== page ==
Beware of the legacy public cloud

Legacy is a scary and bad word in the computing industry. Most enterprises have “legacy” technologies, and all who do wish that they did not.

Now everyone thinks of public clouds as the next greatest thing, which means they cannot possibly be “legacy.” While the major public cloud vendors (Amazon, Microsoft, Google) currently drive a great deal of innovation, they might also be trapping themselves and their customers into legacy situations.

So, there is a real risk that the current public cloud leaders (Amazon Web Services, Microsoft Azure and Google Cloud Platform) could become legacy vendors. To understand this risk, we need to understand what creates legacy technologies and vendors and analyze the strategies of the public cloud vendors.

What defines a legacy technology?

To sort out whether or not it might be possible for the current leaders in the public cloud market to become legacy vendors, we must identify what creates a legacy vendor or technology:

  • Lack of innovation: Legacy technologies cannot and have not kept up with the pace of innovation. For example operating systems such as Z/OS, Z/VM (mainframe), IBM iSeries (AS/400), and proprietary UNIX (AIX, HP UX, Solaris, SunOS, etc.) are legacy technologies.
  • Ecosystem support: Legacy products and technologies lose their third-party ecosystems. This is a corollary to the innovation point above. Legacy platforms do not get the third-party developer support and the support of vendors building other kinds of complementary products required to sustain their market position.
  • The vendor as the sole source of innovation and support: Legacy technologies rely upon a single vendor to support them and advance their cause. The best examples are IBM for their mainframe and midrange offerings; Oracle for their database; and IBM, BMC, CA and Micro-Focus for their enterprise management offerings.
  • Proprietary: With one vendor as the sole source of progress, legacy technologies inevitably become more and more proprietary over time.
  • Customer lock-in: Proprietary technologies tend to characterized by being difficult and expensive to move away from.
  • Customer abandonment: A technology or a product certainly becomes a legacy product or technology when customers start to abandon it or wish they could abandon it.

Current state of the public cloud industry

If we consider AWS, Microsoft Azure and Google Cloud Platform as representative of the current public cloud computing industry, what we see is the following picture:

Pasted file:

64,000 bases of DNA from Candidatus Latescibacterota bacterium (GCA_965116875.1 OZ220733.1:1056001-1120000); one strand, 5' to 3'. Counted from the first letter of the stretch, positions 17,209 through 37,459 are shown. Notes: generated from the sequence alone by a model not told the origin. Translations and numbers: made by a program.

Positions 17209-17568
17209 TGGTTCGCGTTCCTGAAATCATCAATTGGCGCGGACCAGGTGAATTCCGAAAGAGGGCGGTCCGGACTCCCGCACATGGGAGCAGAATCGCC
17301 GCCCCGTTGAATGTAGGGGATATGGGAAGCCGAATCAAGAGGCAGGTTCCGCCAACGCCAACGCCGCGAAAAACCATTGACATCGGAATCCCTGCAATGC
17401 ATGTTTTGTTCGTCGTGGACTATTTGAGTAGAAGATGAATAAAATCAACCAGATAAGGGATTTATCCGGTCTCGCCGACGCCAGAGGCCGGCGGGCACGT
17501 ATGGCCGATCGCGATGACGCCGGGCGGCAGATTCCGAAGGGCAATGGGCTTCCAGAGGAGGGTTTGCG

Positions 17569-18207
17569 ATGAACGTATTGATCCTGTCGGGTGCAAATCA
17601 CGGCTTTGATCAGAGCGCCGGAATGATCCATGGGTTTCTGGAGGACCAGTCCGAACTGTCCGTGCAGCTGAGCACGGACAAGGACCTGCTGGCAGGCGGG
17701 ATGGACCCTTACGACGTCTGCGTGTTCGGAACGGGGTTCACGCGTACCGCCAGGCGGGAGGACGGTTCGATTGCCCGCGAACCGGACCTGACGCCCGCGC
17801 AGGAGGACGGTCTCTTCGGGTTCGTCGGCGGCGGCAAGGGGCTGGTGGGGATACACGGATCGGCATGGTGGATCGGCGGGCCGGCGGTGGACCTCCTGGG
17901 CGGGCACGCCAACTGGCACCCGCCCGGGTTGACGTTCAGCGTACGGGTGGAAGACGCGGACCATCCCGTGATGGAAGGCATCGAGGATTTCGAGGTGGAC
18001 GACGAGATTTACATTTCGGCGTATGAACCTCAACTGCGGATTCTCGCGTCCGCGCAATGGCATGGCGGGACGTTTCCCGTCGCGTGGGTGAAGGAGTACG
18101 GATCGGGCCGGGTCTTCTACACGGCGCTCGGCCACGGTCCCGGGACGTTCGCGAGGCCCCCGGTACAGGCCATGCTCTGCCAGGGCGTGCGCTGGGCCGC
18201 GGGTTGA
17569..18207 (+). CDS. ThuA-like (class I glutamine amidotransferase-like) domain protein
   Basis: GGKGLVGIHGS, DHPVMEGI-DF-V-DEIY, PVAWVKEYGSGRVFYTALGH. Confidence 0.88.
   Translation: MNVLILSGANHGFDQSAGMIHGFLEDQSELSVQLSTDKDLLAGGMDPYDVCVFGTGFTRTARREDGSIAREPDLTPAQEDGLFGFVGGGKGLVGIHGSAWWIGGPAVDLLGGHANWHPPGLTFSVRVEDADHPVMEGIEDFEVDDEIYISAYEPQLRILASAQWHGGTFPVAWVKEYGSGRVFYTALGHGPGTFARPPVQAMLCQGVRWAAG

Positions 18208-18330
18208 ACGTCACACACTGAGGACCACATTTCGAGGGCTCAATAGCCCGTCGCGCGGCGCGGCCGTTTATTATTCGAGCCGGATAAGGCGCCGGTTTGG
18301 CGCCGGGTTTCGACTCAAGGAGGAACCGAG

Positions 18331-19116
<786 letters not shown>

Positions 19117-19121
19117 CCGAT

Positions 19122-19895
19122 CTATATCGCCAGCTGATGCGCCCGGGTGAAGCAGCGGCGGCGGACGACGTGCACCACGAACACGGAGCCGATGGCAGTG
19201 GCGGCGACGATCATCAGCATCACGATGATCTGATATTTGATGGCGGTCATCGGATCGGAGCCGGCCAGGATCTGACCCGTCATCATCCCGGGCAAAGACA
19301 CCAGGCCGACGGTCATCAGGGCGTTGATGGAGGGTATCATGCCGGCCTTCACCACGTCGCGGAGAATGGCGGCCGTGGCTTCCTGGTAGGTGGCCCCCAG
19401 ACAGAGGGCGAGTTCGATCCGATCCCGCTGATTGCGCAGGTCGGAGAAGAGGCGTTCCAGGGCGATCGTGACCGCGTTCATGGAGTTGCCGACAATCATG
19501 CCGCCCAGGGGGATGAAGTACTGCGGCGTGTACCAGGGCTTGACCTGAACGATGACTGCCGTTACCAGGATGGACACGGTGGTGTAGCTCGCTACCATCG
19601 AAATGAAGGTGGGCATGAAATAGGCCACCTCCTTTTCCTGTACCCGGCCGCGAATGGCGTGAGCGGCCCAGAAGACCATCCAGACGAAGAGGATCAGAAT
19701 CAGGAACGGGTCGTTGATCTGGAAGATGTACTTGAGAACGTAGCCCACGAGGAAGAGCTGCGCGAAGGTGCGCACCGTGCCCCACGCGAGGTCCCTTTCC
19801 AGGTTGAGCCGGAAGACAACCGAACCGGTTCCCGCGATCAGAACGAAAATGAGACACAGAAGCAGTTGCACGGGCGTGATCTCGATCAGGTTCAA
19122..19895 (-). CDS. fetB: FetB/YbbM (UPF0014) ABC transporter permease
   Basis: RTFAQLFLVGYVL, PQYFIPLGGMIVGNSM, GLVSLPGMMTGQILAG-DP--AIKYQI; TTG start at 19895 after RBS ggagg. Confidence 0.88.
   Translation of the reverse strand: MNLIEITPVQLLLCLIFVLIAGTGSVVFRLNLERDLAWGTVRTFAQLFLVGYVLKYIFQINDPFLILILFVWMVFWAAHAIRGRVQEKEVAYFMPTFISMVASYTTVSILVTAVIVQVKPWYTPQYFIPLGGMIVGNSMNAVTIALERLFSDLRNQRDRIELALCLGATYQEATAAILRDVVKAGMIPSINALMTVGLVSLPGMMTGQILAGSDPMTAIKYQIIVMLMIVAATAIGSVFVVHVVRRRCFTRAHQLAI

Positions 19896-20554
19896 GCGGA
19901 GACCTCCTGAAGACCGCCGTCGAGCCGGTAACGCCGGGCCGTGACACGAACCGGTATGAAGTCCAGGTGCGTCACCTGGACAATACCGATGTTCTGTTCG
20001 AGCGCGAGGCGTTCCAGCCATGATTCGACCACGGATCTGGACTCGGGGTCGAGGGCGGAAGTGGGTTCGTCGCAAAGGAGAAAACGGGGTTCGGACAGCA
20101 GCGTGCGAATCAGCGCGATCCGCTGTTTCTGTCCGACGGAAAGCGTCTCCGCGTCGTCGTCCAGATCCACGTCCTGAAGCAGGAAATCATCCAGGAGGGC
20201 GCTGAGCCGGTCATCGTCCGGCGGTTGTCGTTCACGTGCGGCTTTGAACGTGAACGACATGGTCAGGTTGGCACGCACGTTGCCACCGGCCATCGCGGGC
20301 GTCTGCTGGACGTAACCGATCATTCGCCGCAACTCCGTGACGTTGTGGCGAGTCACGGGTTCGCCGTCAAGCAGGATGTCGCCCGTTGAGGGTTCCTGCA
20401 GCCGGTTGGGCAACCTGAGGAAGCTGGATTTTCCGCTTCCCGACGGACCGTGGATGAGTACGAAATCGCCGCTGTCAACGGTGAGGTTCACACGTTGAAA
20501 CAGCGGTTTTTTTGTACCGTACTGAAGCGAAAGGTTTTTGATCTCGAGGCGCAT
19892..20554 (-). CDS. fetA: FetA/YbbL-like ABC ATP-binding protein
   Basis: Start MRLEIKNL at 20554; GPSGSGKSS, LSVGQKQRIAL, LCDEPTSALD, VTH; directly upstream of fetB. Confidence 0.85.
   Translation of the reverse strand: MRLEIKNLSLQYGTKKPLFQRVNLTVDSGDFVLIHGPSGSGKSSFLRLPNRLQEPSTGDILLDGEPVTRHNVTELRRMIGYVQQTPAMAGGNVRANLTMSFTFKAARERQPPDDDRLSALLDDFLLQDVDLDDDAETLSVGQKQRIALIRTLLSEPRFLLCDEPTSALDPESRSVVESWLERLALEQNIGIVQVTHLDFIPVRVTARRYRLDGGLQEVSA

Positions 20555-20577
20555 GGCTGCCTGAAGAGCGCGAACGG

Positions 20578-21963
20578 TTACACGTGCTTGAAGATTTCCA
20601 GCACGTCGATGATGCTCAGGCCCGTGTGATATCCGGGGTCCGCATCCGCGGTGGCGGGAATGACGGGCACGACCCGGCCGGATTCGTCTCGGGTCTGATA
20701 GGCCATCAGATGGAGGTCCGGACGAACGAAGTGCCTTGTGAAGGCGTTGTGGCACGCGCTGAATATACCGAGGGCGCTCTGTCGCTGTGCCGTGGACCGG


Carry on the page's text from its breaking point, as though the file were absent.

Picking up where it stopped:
• We see the cloud vendors innovating at a very rapid pace in their own product lines. Amazon is particularly adept at this—rolling our new services on a rapid and continuous basis.
  • In the course of rolling out these new services, the cloud vendors end up competing with vendors that provide those services. Examples:
    • The Amazon Relational Database Service competes directly with on-premise instances of MySQL, Microsoft SQL Server and Oracle.
    • The Amazon Elastic MapReduce competes directly with on-premise Hadoop distributions like those from Cloudera and Hortonworks.
    • Amazon CloudWatch competes with the entire on-premise systems management and monitoring industry. Cisco just acquired market-leading application perforamance vendor AppDynamics, and Amazon appears to be rollout out a competing offering that puts Amazon and Cisco into competition with each other.
    • Amazon Simple Queue Service competes with message brokers such as RabbitMQ and message buses like Kafka.
  • The cloud vendors are also innovating in infrastructure. In fact, Amazon is engineering and deploying its own custom hardware and networking.

The legacy public cloud scenario

At this point in time, there is no evidence that the three major public cloud offerings are legacy offerings or are on a path to become legacy offerings. However, the following risks need to be watched very closely:

  • By choosing to compete with much of the rest of the hardware and software industries, Amazon and the other public cloud vendors put a tremendous burden upon themselves to out-innovate those industries.
  • By choosing to compete at all layers of the stack with both one another and standard enterprise computing offerings, the public cloud vendors risk becoming proprietary islands of innovation.
  • There already are issues with workload portability in and out public clouds—even if you use them as simple Infrastructure as a Service (IaaS) offerings. If you take advantage of any of the higher-level services, you lock yourself into the APIs associated with those services.
  • There are already clearly two schools of thought regarding the use of public clouds by enterprises. One school of thought is to move things to public clouds and to leave them there. The other is that starting things in the public cloud (dev and test) is fine, but for reasons of technical lock-in and economics, production workloads belong in a private/hybrid cloud.


Today the offerings from the three major public cloud vendors are at the tip of the spear in terms of innovation. However, by innovating across the entire stack, including application services, systems services, networking services and hardware, the three major cloud offerings risk diverging from enterprise hardware and software standards into three proprietary islands. To the extent to which the three public clouds diverge into their own stacks and customers become locked into these stacks, the path to a legacy scenario will be embarked upon.